Feminist literary criticism, therefore, strives to explore the role of literature towards helping to construct, reflect and sometimes undermine the gender categories, codes and expectations that are tied to various cultures (Jean Howard, 2013:413). It is a theory which strives to highlight and condemn various practices against women; deconstruct male dominance, agitate fairness and negotiate equality of genders. Hence, literature, besides holding the society as it were, further helps through literary criticism to investigate the social construct and classification along the line of gender engagements. However, in this study, an attempt is made to limit women’s experience to the peculiarities of African female experience. This motivated the choice of Chikwenye Okonjo-Ogunyemi’s “Womanism”. African Womanism of Ogunyemi’s coinage (1985:24) aims to accommodate the African women’s experience by means of appreciating womanhood. African womanism harmonises gender class, race, as well as cultural consciousness, in its advocacy. This variant emphasizes the struggles, experience, self-assertion and self-esteem of the African woman. There is no gainsaying the fact that most Nigerian women’s poetry is informed by thematic concerns of women’s experience. It is equally indisputable that all black women’s experience is central to the tenets of “Womanism”.

Responding to an opening rhetorical statement on whether a female writer has a particular obligation as a writer, Molara Ogundipe-Leslie (1987:15) reveals that “female writers, particularly in Africa, have the commitment to show in their creative writing the restrictions imposed on women by male-controlled society, project women in a true sense, especially, from a woman’s perspective.” Hence, the thematic interest, particularly  of Ogunyemi’s ‘ African Womanism’ explores the various codes which delimit women as active agents of social transformation, restrain the women folk from career aspirations and advocate for the positioning of women as strategic to the socio-cultural, political and educational transformation of society.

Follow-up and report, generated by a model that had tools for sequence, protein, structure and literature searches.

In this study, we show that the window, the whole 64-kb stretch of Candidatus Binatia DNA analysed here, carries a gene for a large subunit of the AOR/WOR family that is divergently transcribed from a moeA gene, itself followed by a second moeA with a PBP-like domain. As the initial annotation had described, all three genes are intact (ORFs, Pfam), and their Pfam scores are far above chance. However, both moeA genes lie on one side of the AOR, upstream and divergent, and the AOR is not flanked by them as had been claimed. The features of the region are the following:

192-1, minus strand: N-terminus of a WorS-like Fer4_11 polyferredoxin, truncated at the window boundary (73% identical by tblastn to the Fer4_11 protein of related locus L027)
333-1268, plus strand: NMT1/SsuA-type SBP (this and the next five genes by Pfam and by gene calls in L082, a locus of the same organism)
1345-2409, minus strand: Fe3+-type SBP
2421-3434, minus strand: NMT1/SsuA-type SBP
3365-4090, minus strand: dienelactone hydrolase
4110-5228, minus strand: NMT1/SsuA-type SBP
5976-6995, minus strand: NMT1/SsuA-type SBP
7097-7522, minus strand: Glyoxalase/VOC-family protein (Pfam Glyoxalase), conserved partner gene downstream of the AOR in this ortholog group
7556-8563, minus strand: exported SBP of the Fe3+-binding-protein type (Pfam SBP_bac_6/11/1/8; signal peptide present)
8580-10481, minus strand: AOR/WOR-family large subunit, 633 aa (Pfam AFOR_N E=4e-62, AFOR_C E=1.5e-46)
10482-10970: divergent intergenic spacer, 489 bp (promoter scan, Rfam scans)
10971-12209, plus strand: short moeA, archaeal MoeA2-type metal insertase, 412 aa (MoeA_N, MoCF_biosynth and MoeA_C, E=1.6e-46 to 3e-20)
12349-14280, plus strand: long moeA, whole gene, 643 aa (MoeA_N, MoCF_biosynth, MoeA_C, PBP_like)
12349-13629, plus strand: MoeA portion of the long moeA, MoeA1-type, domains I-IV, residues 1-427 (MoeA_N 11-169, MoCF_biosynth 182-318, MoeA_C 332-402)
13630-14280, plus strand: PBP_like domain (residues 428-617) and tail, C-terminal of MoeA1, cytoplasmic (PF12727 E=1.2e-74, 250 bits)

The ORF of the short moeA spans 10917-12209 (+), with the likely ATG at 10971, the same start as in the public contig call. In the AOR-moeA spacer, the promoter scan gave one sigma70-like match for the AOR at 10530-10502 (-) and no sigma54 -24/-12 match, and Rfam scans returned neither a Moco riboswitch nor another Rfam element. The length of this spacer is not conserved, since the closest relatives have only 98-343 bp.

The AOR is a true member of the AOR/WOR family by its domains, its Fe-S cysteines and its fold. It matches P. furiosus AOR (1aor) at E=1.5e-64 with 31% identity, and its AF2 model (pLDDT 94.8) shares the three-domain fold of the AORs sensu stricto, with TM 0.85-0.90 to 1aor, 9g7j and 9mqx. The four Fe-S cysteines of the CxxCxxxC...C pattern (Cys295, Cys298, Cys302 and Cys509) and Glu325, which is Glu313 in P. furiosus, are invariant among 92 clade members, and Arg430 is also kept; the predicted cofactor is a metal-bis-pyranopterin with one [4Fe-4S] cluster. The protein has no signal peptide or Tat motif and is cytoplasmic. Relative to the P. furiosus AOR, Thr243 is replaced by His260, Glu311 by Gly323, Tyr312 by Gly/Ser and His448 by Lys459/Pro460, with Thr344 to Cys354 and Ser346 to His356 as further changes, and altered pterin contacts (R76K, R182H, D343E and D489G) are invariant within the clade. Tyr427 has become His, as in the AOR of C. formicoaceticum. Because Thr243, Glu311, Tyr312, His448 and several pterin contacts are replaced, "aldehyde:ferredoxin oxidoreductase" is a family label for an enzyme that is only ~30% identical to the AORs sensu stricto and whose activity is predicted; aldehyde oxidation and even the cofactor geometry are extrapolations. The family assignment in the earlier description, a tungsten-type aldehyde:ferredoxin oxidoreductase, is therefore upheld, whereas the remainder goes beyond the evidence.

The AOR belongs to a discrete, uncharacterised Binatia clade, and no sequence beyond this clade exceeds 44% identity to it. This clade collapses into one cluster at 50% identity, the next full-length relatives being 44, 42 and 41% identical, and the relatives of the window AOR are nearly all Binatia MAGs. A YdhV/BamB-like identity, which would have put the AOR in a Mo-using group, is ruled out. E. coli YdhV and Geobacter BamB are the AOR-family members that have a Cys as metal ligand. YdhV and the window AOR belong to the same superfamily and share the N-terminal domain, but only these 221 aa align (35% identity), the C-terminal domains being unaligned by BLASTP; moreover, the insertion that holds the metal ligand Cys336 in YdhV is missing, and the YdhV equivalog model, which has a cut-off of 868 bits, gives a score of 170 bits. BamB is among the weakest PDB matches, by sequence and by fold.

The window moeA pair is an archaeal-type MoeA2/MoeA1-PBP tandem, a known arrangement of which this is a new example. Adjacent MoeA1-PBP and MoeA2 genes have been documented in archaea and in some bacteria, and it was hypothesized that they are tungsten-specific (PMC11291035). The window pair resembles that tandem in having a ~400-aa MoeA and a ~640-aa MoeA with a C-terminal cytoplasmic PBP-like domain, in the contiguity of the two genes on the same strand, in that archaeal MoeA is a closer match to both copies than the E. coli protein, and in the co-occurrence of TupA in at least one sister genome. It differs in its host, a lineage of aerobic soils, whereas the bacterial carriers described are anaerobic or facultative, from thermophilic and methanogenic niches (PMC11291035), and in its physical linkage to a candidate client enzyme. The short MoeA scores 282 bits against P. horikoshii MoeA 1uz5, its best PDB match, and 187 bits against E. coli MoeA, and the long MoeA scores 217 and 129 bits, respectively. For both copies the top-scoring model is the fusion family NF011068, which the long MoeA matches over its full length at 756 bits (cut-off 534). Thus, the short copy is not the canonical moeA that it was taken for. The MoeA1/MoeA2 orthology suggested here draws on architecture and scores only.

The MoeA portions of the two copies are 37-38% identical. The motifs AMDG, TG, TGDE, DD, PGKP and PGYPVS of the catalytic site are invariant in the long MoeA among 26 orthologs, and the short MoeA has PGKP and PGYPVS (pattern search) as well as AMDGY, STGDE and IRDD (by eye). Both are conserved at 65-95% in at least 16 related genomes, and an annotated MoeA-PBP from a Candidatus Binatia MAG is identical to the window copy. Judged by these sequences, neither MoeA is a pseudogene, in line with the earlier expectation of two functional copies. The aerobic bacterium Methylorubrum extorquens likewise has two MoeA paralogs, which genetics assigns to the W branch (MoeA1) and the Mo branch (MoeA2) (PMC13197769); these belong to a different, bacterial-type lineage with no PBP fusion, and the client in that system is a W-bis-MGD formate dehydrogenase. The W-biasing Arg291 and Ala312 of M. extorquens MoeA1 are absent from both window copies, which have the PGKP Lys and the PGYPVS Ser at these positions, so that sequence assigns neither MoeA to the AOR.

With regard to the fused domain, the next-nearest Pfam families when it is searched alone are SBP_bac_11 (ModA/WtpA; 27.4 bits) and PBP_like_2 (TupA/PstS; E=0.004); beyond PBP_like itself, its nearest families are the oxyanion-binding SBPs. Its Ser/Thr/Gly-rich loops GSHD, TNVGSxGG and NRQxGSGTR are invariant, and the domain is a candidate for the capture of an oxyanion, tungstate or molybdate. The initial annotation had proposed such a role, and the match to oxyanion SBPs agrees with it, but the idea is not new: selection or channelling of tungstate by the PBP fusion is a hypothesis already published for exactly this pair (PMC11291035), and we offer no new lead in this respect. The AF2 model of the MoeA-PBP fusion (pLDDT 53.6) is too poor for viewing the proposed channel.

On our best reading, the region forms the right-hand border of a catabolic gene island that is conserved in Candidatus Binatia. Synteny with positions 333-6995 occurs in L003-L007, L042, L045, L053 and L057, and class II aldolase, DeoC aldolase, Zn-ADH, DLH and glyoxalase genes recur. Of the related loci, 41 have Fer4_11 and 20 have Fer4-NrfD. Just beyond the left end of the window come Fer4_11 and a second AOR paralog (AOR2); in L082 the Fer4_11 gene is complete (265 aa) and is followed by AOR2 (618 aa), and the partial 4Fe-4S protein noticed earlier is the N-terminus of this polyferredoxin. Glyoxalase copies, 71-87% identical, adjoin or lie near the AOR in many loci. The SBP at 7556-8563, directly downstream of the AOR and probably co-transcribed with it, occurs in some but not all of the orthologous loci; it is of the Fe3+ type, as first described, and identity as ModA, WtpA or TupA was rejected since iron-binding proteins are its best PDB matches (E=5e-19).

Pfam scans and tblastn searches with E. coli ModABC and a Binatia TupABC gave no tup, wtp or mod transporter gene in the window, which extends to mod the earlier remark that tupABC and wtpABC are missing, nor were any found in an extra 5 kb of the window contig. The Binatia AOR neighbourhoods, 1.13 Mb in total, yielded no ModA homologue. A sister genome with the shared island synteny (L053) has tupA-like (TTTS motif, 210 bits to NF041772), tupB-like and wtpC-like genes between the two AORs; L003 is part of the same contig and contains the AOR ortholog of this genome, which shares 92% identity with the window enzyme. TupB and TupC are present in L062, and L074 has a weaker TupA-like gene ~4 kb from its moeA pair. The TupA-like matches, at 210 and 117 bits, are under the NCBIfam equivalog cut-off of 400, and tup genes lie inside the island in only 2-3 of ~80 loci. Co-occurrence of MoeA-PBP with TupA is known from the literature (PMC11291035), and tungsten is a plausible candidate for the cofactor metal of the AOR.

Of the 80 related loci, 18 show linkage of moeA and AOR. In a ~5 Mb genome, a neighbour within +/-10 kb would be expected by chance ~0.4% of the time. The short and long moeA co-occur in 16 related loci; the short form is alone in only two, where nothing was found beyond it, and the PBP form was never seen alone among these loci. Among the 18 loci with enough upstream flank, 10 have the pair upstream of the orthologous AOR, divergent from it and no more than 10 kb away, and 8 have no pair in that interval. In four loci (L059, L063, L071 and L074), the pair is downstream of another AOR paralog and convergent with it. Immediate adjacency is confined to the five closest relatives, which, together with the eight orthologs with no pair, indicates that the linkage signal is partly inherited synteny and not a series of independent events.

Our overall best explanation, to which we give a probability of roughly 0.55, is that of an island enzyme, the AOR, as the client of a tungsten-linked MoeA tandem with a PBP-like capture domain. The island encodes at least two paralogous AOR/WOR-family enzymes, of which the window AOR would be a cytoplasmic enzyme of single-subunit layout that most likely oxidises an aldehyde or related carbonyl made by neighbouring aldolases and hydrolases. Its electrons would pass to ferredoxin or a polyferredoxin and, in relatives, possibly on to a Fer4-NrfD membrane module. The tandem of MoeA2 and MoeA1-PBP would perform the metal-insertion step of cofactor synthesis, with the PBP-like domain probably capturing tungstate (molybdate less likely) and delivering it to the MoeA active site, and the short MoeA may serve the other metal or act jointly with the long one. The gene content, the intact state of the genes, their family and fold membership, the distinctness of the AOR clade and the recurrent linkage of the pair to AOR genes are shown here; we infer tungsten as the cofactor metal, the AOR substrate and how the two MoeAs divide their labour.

Significance of the Study

The need to project the relevance of female Nigerian poetry against the over-concentration of critical discourse on male poetry informs the motive for this study. In other words, there is marginal interest paid to the investigation of poetry collections by female poets in Nigeria. Significantly, too, the study is germane to issues of women’s empowerment, social transformation and socio-economic woes depicted in the selected poetry. Thus, the study contributes to the stock of critical discourse on women’s poetry in Nigeria and a voice to the canonisation of women’s poets in Nigeria. Also, this work is significant in that besides being an addition to the growing corpus of scholarly interest in Nigerian women’s poetics, the study negotiates the recognition of female poetry as a means of protest against female subjectivity.

Scope of the Study

This study centres on the investigation of the feminist standpoints in Nigerian women’s poetry and how the tempo is deployed to reflect thematic preoccupations and subject matters of the poems. The study gives considerations to Lola Shoneyin’s So All the Time I was Sitting on an Egg and Halima U. Usman’s Spellbound. The study favours the choice of the selected poets due to marginal interest or near absent of critical interest on their poetry.

Versifying against Sexism in Nigerian Women’s Poetry

Literature remains a veritable tool in the promotion of feminist consciousness in its truer sense (M.A.Y. Lewu, 2005:6). Women in Nigerian creative art, besides being pivotal to the revolutionalising of Nigerian literature, depict authentic image and representation of the women’s world through their artistry (Chikwenye Okonjo-Ogunyemi, 1998). The women writers no longer wait for their stories to be narrated in patriarchal texts. They are, therefore, eager to create new perspectives to feminist intellectual discourse in poetry.